MILWAUKEE— After a recent surge in violent crime across the city of Milwaukee, first responders are working long hours to take care of those involved.
Calls about violent crime have been on the rise for the past few years; it’s taking a toll on those who respond to the calls to help save lives.
“There is no rhyme or reason for it. It’s just every day,” Lt. Jason Oberg, with the Milwaukee fire department, said.
For the past 21 years, Jason Oberg has served the Milwaukee community as a firefighter and paramedic. But recently his skills have been needed more than ever.
“The violence has picked up. When you work often, you can see those upticks,” Oberg said.
The Milwaukee fire department said it has seen a 100% increase in fatal shootings. On average, the department said, a truck is sent to a call between 1,000 to 2,000 times a year.
“I think many people will callously say, ‘Well this is what you signed up for.’ I am telling you right now, what is going on right now in this city is nothing anyone signed up for,” Chief Aaron Lipski, with the Milwaukee fire department, said.
This increase in calls and violence is causing burnout, lack of sleep and emotional and mental strain on many first responders.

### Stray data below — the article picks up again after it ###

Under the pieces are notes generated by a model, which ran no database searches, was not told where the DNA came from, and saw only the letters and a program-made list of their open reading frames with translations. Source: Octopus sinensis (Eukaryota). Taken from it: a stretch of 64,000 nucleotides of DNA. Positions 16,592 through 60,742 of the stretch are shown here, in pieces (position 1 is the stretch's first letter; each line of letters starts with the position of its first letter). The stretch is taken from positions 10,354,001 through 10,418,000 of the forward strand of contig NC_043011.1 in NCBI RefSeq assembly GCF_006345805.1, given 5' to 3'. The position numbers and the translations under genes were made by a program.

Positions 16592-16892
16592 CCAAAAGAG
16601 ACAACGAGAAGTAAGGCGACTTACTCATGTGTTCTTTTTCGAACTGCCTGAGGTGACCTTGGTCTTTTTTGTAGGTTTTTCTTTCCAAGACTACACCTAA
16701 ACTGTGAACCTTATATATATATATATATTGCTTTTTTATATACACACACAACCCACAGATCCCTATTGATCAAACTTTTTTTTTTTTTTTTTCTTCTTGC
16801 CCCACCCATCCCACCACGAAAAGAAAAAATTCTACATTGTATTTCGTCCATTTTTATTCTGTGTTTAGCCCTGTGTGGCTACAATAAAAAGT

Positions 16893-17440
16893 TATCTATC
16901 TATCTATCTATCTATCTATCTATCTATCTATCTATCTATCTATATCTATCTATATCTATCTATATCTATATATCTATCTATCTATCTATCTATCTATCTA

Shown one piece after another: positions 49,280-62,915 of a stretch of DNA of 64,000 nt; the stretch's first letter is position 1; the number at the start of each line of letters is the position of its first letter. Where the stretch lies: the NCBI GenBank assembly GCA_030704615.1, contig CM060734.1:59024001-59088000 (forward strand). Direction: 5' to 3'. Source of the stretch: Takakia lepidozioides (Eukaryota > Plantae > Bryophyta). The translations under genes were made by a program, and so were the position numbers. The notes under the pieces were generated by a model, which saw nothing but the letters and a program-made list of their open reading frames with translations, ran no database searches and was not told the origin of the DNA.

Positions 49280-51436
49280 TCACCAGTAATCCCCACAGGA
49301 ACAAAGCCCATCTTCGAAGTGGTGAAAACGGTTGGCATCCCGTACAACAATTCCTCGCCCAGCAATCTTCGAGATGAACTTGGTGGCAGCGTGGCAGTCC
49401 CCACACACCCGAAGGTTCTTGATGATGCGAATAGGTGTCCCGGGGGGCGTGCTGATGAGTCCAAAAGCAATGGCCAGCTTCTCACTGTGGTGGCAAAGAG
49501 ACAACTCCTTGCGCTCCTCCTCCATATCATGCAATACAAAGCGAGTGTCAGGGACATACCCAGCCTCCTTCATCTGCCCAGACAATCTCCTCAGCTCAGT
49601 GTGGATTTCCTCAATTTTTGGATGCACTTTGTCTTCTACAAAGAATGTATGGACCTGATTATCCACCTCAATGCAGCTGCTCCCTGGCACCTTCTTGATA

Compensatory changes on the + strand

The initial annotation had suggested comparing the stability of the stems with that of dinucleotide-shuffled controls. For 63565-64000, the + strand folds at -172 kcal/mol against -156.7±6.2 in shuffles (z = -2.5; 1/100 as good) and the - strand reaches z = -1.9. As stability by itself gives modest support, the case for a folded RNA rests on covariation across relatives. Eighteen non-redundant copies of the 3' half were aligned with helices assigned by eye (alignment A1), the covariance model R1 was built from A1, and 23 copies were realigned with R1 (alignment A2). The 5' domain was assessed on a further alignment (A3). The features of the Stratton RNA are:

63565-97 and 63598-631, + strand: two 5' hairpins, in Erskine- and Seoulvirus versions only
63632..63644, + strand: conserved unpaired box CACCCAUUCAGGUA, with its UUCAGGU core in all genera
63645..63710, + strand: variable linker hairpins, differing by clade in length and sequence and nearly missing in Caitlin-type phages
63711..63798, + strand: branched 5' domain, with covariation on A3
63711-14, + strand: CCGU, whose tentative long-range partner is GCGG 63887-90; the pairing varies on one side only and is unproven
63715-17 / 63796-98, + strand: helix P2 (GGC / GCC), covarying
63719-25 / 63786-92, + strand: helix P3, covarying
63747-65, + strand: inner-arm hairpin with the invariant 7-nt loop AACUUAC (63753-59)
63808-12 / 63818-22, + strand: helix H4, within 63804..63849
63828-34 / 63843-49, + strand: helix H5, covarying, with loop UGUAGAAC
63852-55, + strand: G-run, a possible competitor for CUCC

“One of the things I noticed that I deal with is flashbacks or flashes of images or weird thoughts of scenes [I]'ve been on. I shouldn’t be driving down highway 16 looking at the beautiful properties on a perfect day and this thing pops in [my] head of a murder 15 years ago that was so brutal and gruesome,” Oberg said.
Oberg said those types of things stay with him and many others who see this type of violence first hand on a daily basis.
“It’s kind of like a ghost that just follows you around; you just learn to deal with it. Some people can and some people can't,” Oberg said.
The Milwaukee fire department has a peer support team and a handful of other programs for its first responders that helps with these types of mental, physical and emotional issues. The peer support team is run by Joseph Franz, the health and safety manager for Milwaukee fire department.
“I have been through crisis of my own so I know you can come back from those crisis. It’s important for me to say, 'Hey, you are not alone. I have been through some things. You have been through some things; we are seeing crazy stuff out here. Let’s help you and I work through this together,”' Franz said.
While calls involving violence have become normal for many, it’s always hard for first responders to see trauma in their own communities.
“Looking at all this gore and blood and the crime scene, it’s surreal its like you’re in a movie that’s in real time,” Oberg said.
Following the shootings that took place on Water Street, first responders are taking time to prioritize mental health, because in order to take care of others, they have to take care of themselves.